Nov 1, 1989

Intestinal crypt stem cells possess high levels of cytoskeletal-associated phosphotyrosine-containing proteins and tyrosine kinase activity relative to differentiated enterocytes

The Journal of Cell Biology
D R BurgessW H Kinsey

Abstract

Growth and differentiation of stem cells is thought to be regulated by growth factors and responding protein tyrosine kinase activities. Comparing mitotic stem cells from the adult intestinal epithelium, isolated from the crypts of Lieberkuhn, with isolated differentiated absorbtive cells we find major differences in the levels of phosphotyrosine-containing proteins. Crypt stem cells possess two major phosphotyrosine-containing polypeptides of 36 and 17 kD which have greater than 15 times more phosphotyrosine than that present in the polypeptides of differentiated enterocytes. Tyrosine kinase activity and similar phosphotyrosine-containing proteins are associated with the Triton cytoskeleton. Moreover, crypt tyrosine kinase(s) is active in vitro in phosphorylating similar cytoskeleton-associated substrates. These results suggest that cytoskeleton-associated phosphotyrosine kinase(s) and their substrates may play a role in growth and differentiation of adult intestinal epithelial cells.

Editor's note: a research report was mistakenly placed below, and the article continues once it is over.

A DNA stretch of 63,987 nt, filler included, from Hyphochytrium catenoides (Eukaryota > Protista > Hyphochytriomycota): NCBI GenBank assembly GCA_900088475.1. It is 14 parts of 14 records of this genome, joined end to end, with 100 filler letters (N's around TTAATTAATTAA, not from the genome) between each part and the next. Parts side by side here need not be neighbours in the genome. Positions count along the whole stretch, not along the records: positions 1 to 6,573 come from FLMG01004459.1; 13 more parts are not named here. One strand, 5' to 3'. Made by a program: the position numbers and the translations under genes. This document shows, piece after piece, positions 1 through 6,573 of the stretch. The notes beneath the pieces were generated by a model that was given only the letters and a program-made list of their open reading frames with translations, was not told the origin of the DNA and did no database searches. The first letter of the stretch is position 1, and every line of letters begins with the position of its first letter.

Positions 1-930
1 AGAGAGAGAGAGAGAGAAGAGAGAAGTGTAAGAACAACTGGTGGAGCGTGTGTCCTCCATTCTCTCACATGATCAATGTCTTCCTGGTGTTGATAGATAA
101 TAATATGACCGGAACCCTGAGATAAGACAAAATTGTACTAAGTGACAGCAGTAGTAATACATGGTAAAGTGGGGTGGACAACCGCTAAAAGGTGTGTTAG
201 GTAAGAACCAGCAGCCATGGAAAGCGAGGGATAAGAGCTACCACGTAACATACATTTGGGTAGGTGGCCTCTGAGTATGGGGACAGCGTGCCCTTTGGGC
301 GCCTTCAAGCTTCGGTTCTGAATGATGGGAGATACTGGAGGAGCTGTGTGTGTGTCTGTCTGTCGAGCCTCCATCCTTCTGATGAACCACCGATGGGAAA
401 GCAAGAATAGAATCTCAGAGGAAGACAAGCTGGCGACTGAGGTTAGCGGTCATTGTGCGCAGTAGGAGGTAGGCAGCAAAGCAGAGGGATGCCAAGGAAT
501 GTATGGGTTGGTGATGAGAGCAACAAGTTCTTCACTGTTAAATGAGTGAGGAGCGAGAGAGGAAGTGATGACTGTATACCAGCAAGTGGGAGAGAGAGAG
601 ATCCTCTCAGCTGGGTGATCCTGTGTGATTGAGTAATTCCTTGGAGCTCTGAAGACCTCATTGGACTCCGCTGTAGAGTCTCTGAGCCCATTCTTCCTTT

• References22
  • Citations15

Mentioned in this Paper

Squamous Transitional Epithelial Cell Count
Triton preparation
Structure of Intestinal Gland
Cell Differentiation Process
Phosphotyrosine
Enterocytes
Growth Factor
Structure of Intestinal Epithelium
Epithelial Cell Count (Procedure)
Epithelial Cells

About this Paper

Related Feeds

Adult Stem Cells

Adult stem cells reside in unique niches that provide vital cues for their survival, self-renewal, and differentiation. They hold great promise for use in tissue repair and regeneration as a novel therapeutic strategies. Here is the latest research.